Silver started with the primaries. Warren is ahead in Iowa, “probably,” and New Hampshire, “possibly.” She does well with the most well-informed voters. She has the most momentum right now. She has the best favorability rates in the field, is the most broadly acceptable, and performs well at debates. She is well positioned on impeachment since she was out in front of the story “before it was cool to do so.” She could benefit from Sanders if he drops out of the race, and he might even endorse her. In short, Silver said, “Warren has had a slow, steady, robust climb, the steadiest upward movement. It looks good on the charts — it’s a well-run campaign.”
Silver then turned to the negatives. Warren’s coalition is fairly narrow so far: white, college-educated, liberal democrats. She hasn’t entirely overcome electability concerns, including her gender. She is still well behind in endorsements. She exhibits some potential liability on issues like healthcare, after taking fire from both sides, and has had difficulty explaining some of her positions. And although she has enjoyed positive media coverage, she might fact more scrutiny now that she’s considered a frontrunner.
The Field of Sixteen
So, with Biden and Warren in the lead, is it possible that another candidate can still pull ahead? Silver says yes. Age is a factor for both Biden and (to a lesser degree) Warren, possibly opening the door to someone else. Many endorsers and party elites are still sitting on the sidelines. Sanders, Pete Buttigieg, and Andrew Yang have raised significant amounts of money, which gives them “the staying power to run long races.” Silver also noted that many Hispanic voters are still undecided, and African-American voters often decide later on a candidate.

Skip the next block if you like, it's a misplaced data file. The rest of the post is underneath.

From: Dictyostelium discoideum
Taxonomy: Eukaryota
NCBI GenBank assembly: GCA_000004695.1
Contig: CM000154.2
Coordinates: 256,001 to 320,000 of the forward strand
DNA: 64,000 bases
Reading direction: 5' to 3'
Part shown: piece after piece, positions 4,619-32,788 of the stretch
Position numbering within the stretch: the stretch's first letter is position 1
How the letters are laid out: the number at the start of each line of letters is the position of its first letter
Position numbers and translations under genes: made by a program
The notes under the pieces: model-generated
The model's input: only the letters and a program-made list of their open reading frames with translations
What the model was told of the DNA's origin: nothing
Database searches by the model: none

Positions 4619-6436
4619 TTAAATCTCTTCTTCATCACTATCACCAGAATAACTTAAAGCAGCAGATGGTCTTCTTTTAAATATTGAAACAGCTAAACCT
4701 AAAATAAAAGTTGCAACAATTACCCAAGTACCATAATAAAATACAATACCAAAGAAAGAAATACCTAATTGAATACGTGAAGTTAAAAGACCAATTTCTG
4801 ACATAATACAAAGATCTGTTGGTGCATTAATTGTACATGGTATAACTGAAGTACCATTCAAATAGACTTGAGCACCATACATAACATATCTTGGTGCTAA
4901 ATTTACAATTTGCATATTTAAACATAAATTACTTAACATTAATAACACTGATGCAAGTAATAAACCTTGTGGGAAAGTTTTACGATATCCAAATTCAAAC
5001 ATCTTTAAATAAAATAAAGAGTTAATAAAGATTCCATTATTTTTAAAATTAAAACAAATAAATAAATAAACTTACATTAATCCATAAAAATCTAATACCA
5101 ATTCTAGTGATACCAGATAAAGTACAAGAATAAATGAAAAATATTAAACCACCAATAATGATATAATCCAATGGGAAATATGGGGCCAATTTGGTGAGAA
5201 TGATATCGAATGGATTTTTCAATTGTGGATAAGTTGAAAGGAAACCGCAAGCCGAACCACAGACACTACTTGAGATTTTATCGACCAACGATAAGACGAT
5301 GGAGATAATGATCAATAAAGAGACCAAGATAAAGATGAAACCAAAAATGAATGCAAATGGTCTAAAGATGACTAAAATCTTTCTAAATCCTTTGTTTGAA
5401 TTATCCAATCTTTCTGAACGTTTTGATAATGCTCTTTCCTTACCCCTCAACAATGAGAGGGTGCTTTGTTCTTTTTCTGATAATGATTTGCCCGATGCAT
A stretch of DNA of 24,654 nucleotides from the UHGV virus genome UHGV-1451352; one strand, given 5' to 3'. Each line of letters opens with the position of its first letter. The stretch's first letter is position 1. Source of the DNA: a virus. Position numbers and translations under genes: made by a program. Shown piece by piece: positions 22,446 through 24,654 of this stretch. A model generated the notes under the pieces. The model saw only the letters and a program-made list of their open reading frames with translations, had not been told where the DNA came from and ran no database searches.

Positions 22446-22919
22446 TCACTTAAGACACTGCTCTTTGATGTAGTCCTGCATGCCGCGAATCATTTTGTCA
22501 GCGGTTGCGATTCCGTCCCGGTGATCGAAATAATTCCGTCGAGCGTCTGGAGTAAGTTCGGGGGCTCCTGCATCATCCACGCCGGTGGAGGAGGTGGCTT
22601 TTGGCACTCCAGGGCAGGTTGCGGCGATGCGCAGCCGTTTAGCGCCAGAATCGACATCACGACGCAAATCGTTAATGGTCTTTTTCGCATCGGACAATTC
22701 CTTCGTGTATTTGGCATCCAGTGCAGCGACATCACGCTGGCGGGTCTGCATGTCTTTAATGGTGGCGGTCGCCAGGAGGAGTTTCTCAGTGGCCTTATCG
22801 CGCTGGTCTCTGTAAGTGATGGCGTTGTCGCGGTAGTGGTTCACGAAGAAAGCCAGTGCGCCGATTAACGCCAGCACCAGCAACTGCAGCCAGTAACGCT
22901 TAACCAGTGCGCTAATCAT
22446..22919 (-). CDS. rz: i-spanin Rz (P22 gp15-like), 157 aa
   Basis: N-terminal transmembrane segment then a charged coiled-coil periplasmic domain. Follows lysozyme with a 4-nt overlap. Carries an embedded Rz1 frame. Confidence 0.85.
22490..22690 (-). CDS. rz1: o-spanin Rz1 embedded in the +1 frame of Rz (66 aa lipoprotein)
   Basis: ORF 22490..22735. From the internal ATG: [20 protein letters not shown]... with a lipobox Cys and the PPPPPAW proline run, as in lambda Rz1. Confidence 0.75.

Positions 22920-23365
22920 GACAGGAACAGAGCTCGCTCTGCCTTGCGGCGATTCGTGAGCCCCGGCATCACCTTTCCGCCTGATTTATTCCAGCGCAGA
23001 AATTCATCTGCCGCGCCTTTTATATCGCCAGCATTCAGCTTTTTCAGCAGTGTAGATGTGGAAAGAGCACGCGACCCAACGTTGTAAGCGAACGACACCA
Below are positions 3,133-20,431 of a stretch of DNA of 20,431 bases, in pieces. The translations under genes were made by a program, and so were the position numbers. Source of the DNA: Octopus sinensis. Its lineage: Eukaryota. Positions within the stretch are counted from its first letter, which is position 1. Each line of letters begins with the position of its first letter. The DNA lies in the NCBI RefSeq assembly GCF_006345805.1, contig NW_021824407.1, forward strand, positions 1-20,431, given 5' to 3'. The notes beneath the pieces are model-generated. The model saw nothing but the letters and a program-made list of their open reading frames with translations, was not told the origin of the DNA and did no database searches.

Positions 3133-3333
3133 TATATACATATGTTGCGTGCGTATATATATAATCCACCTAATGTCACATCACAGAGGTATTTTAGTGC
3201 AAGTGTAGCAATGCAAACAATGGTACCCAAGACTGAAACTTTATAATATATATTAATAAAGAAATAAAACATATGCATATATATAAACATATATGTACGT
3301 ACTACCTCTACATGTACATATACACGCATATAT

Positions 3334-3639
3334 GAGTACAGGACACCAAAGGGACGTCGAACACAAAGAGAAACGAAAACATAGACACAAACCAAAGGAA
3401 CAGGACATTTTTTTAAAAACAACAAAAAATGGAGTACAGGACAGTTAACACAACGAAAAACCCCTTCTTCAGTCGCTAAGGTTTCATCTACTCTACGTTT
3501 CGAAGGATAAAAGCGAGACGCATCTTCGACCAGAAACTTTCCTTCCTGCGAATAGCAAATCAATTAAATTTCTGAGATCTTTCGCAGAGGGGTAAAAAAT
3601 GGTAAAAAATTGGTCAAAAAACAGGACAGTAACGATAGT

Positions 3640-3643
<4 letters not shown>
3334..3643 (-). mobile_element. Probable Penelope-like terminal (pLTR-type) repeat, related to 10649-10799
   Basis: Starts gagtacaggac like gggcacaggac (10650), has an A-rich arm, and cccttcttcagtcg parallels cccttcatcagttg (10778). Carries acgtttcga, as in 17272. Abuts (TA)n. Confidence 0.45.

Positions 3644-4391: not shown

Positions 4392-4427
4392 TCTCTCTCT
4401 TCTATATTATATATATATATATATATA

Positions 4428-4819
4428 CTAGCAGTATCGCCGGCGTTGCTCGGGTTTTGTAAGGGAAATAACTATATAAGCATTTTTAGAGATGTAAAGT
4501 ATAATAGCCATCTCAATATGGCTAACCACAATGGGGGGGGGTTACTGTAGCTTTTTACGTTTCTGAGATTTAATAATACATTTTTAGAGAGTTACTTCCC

The negatives, however, are significant. Historically, candidates polling at below five percent at this stage never win, with the notable exception of Jimmy Carter, who had just two percent at this point in 1976. Sanders might seem the most well positioned, but unless he can expand his base, he can’t win. The race so far has been “stable,” with Beto O’Rourke and Cory Booker in particular having great debates, but not surging afterwards in the polls. The impeachment inquiry will continue to poach media attention from non-leading candidates. And together, Biden and Warren do a good job of representing most of the democratic base.
Silver did add that there is hope for the pack. Two of these candidates might collectively have a reasonable chance of winning on a ticket together, even if the odds are low for them as individual candidates.
The Trump Factor
Silver started with the positives. Historically, Silver said, incumbent presidents are re-elected 70 percent of the time. In addition, the economy and stock market are doing well. The Electoral College may work in Trump’s favor again. The democrats could nominate a candidate that is considered too “old” or “too far to the left for swing voters.” Impeachment holds some potential risks to democrats that could trigger voter backlash.
However, Trump’s popularity is low, with a 53.9 percent disapproval rating. Economists are predicting a 25-30 percent chance of a recession. Democrats have a larger base, and indications point to a large voter turnout. Impeachment and Ukraine “are not going well,” for the president, said Silver. And there seems to be increasing chaos inside the White House, as well as republican anger over Trump’s recent decisions on Syria and Turkey. Lastly, Silver said, “Trump barely won last time, and candidates that win by narrow margins often struggle to be re-elected.”
So who will win? In short, it’s too early to tell, says Silver. Polls are off by an 11 percent average right now. Prediction is not a perfect science, as was proven in the 2016 elections. As the data continues to change, so will the predictions.